She had watched Dads second wife, Rhoda, die trying to save the twins. She had lost her oldest friend, Brooks, to a force too dark to fathom. The tears came. Eureka wept. Ander seriously got swept to the side in this book. It was all about him and Eureka and going against fate and true love and yadda, yadda, yadda, and then, all of a sudden, poof — no more romance.

    What the hell?!? Well, guess I was wrong. It made absolutely no sense. The worst part — besides not having a clue as to. I thought this was a trilogy. The first one was bad, but bad in a way that I still got through it and on some infinitely small way enjoyed parts of it, but this? This is truly one of the worst books I have ever read. Claire was the key. Where everyone elses touch met stone- like resistance, Claires hands passed through the shields edges like a wildfire through fog.

    She bobbed on her heels, swirling her hands against its surface, finger- painting an invis- ible escape. Her wrists passed in and out of the shield the way ghosts reached through doors. Without Claires power, the shield would pop like a bub- ble when it crested the surface and touched air.

    Everyone in- side it would be scattered like ashes across the sea. So once Ander found a suitable rock, Claire would become their pioneer. Her hands would pass through the shield and hook the anchor on the stone. Until the others were ashore, Claires arms would remain partway in and partway out of the shield, keeping it open for their passage, keeping it from shat- tering on the wind.

    Dont worry, William, Claire told her brother, who was older by nine minutes. Im magic. I know. William sat cross- legged in Cats lap on the translucent floor of the shield, picking pills off his pajamas. Beneath them, the sea built hills and valleys of debris.

    Branches of coral jostled its sides. Cat hugged Williams shoulders. Eurekas friend was smart and audacious together they had hitchhiked to New Orleans, Cat wearing only a bikini top and cutoffs, singing raunchy Navy songs her dad had taught her. Eureka could tell Cat thought the plan with Claire was a bad idea. Shes just a kid, Cat said. Ander pointed to a broad, barnacle- covered slab of stone ten feet overhead. That one. White foam sparkled beneath its crevices.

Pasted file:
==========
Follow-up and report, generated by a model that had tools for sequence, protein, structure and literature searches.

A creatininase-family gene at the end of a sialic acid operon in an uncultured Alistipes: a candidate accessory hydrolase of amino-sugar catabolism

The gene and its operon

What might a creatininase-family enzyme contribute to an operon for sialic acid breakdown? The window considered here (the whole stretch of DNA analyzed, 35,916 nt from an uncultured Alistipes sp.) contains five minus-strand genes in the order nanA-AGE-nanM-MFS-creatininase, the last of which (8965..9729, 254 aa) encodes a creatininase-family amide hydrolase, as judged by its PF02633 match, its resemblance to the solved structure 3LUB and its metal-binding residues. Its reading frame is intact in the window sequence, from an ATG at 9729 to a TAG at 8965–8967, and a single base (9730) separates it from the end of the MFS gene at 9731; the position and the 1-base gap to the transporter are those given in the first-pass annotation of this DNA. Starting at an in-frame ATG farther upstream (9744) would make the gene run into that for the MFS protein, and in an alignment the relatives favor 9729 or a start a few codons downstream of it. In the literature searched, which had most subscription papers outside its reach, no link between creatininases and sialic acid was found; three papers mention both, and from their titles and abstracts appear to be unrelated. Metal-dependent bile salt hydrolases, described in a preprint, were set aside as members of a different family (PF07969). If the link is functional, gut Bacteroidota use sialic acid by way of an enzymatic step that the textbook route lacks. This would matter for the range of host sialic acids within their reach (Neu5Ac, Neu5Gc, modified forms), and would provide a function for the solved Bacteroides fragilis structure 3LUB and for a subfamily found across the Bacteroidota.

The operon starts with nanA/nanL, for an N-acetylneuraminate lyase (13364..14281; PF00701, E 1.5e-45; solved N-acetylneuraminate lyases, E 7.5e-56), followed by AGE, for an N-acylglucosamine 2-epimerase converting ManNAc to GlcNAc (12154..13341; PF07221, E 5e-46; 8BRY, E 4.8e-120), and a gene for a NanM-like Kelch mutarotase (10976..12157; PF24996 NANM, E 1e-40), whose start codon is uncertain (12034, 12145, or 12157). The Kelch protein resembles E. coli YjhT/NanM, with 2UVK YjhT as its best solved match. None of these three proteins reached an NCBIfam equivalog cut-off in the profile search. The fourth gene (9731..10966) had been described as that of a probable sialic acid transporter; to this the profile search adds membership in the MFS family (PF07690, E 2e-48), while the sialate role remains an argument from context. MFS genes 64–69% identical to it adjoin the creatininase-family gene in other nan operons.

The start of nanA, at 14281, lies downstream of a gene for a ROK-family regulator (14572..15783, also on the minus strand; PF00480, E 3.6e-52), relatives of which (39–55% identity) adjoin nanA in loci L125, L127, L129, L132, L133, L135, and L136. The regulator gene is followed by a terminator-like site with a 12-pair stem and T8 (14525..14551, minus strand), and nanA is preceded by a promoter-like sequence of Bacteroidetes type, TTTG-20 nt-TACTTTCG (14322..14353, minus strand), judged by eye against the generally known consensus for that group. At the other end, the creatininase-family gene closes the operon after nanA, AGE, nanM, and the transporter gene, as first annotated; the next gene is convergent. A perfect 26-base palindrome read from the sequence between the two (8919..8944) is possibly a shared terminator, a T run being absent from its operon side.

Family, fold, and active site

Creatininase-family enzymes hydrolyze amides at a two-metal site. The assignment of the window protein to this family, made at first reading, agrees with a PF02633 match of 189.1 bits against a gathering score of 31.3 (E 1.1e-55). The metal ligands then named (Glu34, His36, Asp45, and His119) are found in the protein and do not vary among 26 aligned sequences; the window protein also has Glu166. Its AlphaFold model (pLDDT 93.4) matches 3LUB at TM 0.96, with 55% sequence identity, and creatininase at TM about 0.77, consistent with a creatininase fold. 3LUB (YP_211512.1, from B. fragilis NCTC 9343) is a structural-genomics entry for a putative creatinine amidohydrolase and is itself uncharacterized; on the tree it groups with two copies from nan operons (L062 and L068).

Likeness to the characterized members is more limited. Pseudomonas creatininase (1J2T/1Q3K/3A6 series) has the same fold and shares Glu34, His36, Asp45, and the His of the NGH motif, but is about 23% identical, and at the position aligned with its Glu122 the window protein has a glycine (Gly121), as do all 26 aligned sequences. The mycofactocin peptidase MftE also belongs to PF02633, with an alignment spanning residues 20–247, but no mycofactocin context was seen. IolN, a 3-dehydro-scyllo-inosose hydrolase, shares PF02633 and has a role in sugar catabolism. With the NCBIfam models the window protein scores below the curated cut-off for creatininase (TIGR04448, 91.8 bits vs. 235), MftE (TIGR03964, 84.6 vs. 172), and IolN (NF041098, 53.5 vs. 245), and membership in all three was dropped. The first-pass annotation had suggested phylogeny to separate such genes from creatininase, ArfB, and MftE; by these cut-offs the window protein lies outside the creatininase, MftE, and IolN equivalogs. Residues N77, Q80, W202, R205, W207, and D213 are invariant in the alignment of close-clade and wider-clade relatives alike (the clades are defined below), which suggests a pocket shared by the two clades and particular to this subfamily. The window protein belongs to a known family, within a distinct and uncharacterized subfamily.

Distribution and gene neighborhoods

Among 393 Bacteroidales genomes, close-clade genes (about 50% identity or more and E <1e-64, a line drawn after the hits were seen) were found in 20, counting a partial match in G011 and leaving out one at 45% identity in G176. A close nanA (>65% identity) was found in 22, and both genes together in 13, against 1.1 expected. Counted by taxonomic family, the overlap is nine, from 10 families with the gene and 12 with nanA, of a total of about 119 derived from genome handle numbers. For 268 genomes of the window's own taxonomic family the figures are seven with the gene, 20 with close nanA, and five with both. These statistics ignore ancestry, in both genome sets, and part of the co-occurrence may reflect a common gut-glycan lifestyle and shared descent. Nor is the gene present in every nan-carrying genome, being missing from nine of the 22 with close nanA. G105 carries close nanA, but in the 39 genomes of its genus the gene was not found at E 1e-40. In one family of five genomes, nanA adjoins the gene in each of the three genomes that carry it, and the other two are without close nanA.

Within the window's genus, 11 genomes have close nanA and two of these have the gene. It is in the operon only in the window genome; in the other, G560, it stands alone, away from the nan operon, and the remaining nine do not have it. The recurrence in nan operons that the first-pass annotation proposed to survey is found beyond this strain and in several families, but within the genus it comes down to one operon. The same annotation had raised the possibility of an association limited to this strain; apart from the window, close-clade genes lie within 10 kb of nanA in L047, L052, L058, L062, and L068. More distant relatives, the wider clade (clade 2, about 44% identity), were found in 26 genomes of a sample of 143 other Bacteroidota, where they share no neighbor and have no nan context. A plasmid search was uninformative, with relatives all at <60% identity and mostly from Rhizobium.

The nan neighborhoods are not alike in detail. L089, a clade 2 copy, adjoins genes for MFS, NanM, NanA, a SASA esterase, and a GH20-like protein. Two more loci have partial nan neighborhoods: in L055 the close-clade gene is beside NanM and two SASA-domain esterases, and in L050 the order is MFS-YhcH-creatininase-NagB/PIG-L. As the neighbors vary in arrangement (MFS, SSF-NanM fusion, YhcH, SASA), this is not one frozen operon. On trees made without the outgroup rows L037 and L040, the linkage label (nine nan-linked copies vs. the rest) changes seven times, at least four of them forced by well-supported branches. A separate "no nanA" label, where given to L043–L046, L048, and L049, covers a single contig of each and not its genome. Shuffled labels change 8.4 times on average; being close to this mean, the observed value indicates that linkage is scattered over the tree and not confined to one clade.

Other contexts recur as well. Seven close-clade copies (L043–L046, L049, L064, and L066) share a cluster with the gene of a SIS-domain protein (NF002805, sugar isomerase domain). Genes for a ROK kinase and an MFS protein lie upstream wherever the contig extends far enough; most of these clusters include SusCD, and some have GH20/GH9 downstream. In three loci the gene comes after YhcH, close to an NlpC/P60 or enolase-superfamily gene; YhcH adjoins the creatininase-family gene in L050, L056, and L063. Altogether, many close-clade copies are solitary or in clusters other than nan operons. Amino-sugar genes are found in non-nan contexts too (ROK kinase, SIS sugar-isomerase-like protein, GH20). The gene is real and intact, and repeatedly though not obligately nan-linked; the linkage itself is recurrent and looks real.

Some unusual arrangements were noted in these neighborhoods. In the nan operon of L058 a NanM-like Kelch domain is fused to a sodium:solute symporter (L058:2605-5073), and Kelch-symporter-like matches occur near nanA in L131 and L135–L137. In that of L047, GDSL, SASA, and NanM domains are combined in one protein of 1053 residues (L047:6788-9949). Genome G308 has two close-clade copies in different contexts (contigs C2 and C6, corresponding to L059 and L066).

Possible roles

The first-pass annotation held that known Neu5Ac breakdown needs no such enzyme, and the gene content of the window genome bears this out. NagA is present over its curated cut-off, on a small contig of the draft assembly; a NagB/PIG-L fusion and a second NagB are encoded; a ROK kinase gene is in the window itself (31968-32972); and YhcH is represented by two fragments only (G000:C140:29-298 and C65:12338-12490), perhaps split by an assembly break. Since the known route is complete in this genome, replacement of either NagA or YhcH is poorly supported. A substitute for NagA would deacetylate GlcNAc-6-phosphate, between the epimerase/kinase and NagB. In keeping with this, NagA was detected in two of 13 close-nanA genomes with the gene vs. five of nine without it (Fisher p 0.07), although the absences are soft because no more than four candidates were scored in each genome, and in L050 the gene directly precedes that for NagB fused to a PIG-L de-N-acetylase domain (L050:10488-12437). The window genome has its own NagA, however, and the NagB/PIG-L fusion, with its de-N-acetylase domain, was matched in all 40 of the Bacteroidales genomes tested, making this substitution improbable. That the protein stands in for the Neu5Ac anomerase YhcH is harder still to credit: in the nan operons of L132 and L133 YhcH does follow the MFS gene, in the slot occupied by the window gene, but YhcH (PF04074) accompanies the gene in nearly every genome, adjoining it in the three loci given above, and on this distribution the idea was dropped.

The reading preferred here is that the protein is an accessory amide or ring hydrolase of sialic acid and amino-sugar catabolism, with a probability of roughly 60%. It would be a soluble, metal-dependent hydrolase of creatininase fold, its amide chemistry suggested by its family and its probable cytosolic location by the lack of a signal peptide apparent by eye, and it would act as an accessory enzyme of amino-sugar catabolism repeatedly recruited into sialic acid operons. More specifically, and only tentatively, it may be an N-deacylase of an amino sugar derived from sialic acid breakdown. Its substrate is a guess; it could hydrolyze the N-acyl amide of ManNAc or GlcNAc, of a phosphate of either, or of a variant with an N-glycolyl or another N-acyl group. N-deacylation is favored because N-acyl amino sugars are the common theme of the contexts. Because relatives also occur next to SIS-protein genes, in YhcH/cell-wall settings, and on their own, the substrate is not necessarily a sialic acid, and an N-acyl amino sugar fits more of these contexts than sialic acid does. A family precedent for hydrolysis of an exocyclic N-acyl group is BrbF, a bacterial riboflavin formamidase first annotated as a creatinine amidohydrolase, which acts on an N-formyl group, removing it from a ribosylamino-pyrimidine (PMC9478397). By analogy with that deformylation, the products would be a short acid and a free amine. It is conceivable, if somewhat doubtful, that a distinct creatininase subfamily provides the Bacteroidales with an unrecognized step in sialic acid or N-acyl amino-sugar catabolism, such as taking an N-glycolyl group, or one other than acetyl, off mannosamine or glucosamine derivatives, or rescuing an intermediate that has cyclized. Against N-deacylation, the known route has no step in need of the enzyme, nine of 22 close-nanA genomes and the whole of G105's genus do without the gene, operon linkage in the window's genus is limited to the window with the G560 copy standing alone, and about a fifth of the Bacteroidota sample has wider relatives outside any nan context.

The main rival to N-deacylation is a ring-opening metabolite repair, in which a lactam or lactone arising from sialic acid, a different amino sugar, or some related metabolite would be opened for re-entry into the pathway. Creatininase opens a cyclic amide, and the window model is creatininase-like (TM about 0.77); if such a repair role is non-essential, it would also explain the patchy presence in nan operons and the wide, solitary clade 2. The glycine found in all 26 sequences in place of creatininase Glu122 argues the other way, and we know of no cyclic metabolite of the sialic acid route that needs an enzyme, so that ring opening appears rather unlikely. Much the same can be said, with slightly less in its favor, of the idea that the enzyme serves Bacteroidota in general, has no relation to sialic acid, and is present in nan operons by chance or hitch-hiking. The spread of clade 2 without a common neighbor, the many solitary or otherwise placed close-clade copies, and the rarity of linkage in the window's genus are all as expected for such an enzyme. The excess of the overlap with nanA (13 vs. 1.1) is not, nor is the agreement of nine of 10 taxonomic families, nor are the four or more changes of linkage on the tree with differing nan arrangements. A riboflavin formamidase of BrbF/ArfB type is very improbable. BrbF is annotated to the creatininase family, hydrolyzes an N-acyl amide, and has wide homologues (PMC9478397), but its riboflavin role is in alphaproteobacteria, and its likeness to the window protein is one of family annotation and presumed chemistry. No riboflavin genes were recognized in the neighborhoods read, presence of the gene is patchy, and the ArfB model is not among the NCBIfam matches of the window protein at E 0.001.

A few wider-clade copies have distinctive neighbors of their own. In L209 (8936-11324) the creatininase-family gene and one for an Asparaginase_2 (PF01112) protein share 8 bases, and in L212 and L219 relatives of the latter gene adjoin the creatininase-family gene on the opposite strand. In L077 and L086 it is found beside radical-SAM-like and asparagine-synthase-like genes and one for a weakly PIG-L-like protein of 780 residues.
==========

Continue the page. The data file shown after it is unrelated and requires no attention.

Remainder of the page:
The stones sur- face was above water. Eurekas arm joined Anders in propelling the shield higher. The water changed from black to dark gray. When they were as close as they could get without breaking the sur- face, Eureka clasped her thunderstone and sent a prayer Di- anas way that they make it out safely. Though only Eureka could erect the shield they traveled in, Ander could maintain it for a while. He would be the last to leave. He studied Eureka.

    She glanced down, wondering what she looked like to him. The intensity of his gaze had made her ner- vous when she first encountered him on the road outside New Iberia. Then last night he told her hed been watching her for years, since both of them were very young.

    Hed betrayed every- thing he was raised to believe about her. He said he loved her. You must prepare yourself. Eureka nodded. She had felt the weight of her tears as they left her eyes. She knew her flood was more horrible than any nightmare. She was responsible for whatever lurked above, and she planned on redeeming herself. Ander unzipped his backpack and withdrew what looked like an eight- inch silver stake with a wedding- band- sized ring at the top.